GLENDALE, Ariz. -- The contract negotiation process only took two weeks but it was enough for Chris Sale to realize baseball’s business side isn’t much fun.
With this week in the books, Sale won’t have to deal with the financial aspect again for at least another five years.
The White Sox left-hander said Friday morning he’s in a surreal state after he and the club agreed upon a five-year, $32.5-million deal on Monday. The deal includes team options for 2018 and 2019 and has a potential value of $60 million.
As he discussed the process, Sale said he really hadn’t been himself throughout the span. He was distracted. But he’s glad his focus can once again shift to the field.
“The worst part about this game is the business side, for me anyways,” Sale said. “I don’t have to worry about the business side of baseball for the next five years. I can just kind of be like a kid again. All I have to do is play and prepare myself. There’s a lot to be said for that.”
Sale isn’t naïve.
He described himself as being very well educated on the process. He knows he left money on the table, a fact nearly impossible to ignore what with the $175-million contract recently signed by the Seattle Mariners Felix Hernandez and rumors of what Justin Verlander’s next deal will bring.
But Sale also knew he’d be taking a risk if he didn’t sign and chose to instead offer his family security.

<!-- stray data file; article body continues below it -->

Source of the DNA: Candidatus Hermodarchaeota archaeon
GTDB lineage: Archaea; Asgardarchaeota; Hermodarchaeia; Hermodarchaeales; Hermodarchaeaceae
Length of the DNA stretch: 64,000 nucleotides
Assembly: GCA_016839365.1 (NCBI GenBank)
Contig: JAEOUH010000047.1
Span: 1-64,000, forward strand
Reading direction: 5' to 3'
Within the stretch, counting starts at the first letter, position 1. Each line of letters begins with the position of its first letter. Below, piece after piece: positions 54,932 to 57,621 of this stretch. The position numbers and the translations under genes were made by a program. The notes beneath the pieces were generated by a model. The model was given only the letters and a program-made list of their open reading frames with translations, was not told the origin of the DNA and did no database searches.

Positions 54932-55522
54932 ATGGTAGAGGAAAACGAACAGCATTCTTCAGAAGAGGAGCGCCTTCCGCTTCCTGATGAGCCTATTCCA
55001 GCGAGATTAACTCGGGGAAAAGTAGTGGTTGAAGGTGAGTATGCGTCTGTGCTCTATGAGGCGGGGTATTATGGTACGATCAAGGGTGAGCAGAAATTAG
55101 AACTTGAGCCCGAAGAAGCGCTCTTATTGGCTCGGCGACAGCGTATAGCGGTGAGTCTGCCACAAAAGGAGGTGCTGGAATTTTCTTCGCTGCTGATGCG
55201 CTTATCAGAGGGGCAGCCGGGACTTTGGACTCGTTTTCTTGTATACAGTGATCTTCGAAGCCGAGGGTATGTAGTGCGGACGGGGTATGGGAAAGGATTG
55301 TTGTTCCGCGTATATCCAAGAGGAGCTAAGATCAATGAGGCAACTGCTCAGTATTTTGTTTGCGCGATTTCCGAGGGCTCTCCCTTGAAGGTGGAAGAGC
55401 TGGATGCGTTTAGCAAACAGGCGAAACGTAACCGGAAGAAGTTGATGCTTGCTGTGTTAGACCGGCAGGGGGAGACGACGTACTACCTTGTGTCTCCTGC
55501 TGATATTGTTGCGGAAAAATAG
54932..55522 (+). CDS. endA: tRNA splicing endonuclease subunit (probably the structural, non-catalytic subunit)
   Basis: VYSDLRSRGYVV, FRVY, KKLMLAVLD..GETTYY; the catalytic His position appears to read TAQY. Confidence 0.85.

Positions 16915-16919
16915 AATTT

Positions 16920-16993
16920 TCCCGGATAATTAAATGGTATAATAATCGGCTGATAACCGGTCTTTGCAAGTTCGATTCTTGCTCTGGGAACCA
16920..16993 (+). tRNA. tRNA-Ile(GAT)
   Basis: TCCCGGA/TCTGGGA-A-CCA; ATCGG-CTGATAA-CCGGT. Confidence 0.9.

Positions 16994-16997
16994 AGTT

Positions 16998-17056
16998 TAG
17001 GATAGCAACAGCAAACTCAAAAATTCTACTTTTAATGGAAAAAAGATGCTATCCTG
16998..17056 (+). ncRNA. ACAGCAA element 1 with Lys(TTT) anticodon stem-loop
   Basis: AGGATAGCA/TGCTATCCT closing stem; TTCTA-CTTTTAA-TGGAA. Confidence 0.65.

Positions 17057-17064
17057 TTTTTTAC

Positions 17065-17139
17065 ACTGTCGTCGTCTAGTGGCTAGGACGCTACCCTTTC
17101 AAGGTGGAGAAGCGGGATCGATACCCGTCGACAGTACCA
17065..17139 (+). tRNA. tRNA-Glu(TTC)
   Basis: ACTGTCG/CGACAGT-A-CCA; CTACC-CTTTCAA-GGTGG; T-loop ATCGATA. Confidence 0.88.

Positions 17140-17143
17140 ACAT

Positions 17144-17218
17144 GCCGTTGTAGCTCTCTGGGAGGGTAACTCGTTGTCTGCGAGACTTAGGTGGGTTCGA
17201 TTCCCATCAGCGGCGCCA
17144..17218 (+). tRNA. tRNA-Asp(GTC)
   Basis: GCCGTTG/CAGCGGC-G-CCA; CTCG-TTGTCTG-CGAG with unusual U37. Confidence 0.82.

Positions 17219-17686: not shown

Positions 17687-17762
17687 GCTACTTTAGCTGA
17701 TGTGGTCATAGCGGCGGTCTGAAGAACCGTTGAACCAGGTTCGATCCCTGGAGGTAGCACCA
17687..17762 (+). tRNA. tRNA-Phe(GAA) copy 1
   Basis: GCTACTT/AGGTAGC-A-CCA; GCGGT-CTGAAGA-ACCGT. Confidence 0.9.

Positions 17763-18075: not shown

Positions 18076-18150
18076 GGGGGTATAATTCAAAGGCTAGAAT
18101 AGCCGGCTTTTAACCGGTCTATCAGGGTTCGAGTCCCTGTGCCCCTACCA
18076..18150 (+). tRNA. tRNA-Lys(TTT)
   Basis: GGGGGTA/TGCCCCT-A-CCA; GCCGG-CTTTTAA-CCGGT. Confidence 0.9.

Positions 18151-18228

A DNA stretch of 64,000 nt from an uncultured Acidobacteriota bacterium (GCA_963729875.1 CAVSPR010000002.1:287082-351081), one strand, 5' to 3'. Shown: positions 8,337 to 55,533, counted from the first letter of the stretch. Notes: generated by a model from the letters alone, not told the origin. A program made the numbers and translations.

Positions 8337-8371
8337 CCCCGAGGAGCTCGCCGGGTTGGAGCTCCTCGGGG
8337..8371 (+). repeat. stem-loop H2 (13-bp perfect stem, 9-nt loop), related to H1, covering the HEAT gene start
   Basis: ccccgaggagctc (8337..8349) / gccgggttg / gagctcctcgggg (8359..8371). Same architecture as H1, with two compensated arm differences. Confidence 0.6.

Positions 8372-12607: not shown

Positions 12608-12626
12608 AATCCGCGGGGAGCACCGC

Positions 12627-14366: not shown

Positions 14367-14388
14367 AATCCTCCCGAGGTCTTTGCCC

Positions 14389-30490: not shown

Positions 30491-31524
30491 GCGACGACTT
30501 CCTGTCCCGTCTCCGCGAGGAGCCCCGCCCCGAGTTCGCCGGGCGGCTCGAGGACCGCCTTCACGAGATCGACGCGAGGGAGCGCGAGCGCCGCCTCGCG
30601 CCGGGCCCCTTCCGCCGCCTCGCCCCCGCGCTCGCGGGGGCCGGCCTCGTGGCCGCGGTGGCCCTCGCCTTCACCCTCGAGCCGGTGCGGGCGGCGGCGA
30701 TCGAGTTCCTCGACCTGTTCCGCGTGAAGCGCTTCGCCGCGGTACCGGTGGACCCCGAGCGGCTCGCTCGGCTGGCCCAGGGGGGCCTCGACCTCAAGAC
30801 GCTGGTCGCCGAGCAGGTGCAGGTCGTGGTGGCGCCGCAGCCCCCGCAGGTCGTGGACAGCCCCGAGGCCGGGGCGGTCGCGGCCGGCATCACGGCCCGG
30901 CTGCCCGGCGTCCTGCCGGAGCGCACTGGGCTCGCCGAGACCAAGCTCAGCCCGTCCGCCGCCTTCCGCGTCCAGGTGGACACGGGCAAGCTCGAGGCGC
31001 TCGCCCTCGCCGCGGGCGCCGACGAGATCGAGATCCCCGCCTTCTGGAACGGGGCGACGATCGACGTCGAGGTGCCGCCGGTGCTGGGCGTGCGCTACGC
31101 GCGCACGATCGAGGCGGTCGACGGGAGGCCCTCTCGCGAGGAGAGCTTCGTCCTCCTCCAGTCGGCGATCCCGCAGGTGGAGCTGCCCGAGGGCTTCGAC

“I’m very thankful for the opportunity and it’s a blessing for myself and for my family,” Sale said. “So, I’m not going to be looking any past this. I’ll be able to lay my head down just fine every night knowing what I just did.”
Teammate Jake Peavy believes Sale made the right choice.
“Chris got what he was after, and that was some stability and some financial security for his family,” Peavy said. “Being a father and having a wife and kids, it’s important to him to have that security. … The first deal that you sign, if you sign a deal, is going to be team-friendly. You know that going in. But both sides accomplished what they wanted to accomplish.”
Attached to the deal of course is implied leadership in the clubhouse and away from the field. But Sale believes those are expectations he can live up to because of his supporting cast.
“They’re putting a lot of trust in me and I need to do everything I can to be the guy they want me to be,” Sale said. “I’ve just got to be the best person I can be.”
Now that his contract is finalized and he can think about baseball again, Sale shouldn’t have many problems with the task.
“Just everything going in the last couple of weeks, I really haven’t been myself,” Sale said. “It just kind of took over my mind a little bit. I tried to do everything I could to stay focused and not let it run my life or anything. Definitely a big relief.”